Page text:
The US’ Education Testing Service (ETS) has decided not to revise the format of the Graduate Record Examination (GRE), a prerequisite for admission to most US colleges.
Registrations for the tests, which were stopped last month for students in India and China, are set to re-open this week and individuals will be able to take it as early as 1 August.
ETS, a not-for-profit institution that administers the test, revises the format periodically to ensure that test-takers do not get too familiar with it. ETS said it had dropped its plans because it couldn’t ensure a roll-out across many countries by September, when the first of the new-format tests would have been held.
“As the launch date approached, ETS determined that despite the aggressive development of our Internet-based testing network, we could not guarantee complete access to all students needing to take the exam,” said David Payne, executive director of the GRE programme at ETS. GRE will,however, incorporate changes in the existing test.
Officials at ETS also said that the cost of the GRE test is expected to increase though the new fee has not been finalized as yet. The test currently costs $160 (Rs7,040) for students in India. ETS had earlier suspended registrations and said that it would stop administering the test from 1 August as it needed a representative population of test takers to test the revised General Test. It has now reopened registrations for this test again.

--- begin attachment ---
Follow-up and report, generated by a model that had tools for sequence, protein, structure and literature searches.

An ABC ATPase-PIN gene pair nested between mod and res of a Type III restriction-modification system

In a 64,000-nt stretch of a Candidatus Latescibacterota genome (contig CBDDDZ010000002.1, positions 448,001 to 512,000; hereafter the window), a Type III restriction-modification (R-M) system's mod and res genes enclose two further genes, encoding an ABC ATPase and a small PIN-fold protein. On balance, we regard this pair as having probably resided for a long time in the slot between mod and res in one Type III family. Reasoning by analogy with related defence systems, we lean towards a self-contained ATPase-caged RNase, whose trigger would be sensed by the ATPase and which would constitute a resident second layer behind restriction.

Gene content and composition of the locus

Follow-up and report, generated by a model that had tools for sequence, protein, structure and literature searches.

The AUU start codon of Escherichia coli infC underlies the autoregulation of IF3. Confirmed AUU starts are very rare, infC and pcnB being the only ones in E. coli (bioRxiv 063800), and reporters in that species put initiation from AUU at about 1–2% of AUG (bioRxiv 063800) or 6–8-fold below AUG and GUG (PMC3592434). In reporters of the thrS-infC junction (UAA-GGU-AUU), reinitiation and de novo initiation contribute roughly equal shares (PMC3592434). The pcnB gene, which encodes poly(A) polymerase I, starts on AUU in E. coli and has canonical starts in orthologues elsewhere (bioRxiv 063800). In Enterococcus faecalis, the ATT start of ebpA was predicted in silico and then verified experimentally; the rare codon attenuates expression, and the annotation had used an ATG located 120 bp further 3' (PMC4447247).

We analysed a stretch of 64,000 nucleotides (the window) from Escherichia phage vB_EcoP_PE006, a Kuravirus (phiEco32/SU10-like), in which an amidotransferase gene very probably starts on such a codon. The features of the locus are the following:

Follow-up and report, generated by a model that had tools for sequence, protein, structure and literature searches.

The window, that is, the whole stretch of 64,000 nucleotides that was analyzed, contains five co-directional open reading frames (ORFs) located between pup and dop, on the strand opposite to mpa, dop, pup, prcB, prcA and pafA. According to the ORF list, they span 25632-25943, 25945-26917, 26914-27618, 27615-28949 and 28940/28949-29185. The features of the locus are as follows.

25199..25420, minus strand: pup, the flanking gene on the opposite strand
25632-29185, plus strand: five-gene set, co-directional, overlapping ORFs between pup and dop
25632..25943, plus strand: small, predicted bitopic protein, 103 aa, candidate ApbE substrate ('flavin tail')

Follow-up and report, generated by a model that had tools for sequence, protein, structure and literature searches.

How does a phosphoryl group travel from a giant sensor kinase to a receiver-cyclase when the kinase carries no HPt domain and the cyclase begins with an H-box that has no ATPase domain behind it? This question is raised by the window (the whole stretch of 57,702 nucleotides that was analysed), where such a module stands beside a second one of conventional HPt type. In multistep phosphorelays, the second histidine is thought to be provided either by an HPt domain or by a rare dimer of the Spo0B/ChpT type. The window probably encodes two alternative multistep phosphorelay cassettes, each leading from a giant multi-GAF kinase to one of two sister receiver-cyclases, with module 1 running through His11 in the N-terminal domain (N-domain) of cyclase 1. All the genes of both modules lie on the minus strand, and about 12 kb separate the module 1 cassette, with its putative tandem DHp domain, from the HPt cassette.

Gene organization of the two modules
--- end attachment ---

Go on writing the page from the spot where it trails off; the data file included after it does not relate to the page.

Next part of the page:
The new format necessitated students all over the world to take the test, which is administered online, on specified dates. This meant that the network had to be expanded significantly to enable all students to take the test simultaneously. Over 50,000 Indian students took the test last year.
“The GRE Board (decided) to implement many of the planned test content improvements in the future without the access issues associated with changing to an entirely new test delivered over a brand new testing network,” the organization said in a statement.
Madhu Monga was preparing to take the exam last month when registrations closed. “I stopped studying because I was under the impression that the test will only be administered from September,” she said. Madhu now plans to take the test in August.
“Some students who started preparing for the new format are going to be confused by this,” said Sanjay Chaudhary, chief operating officer of IMS, a Mumbai-based training institute. “Our institute too had started offering training based on the new GRE format and now we will have review everything,” he added.
The GRE general test measures verbal reasoning, quantitative reasoning, critical thinking and analytical writing skills. GRE scores are a prerequisite for admissions to most masters programmes in US universities.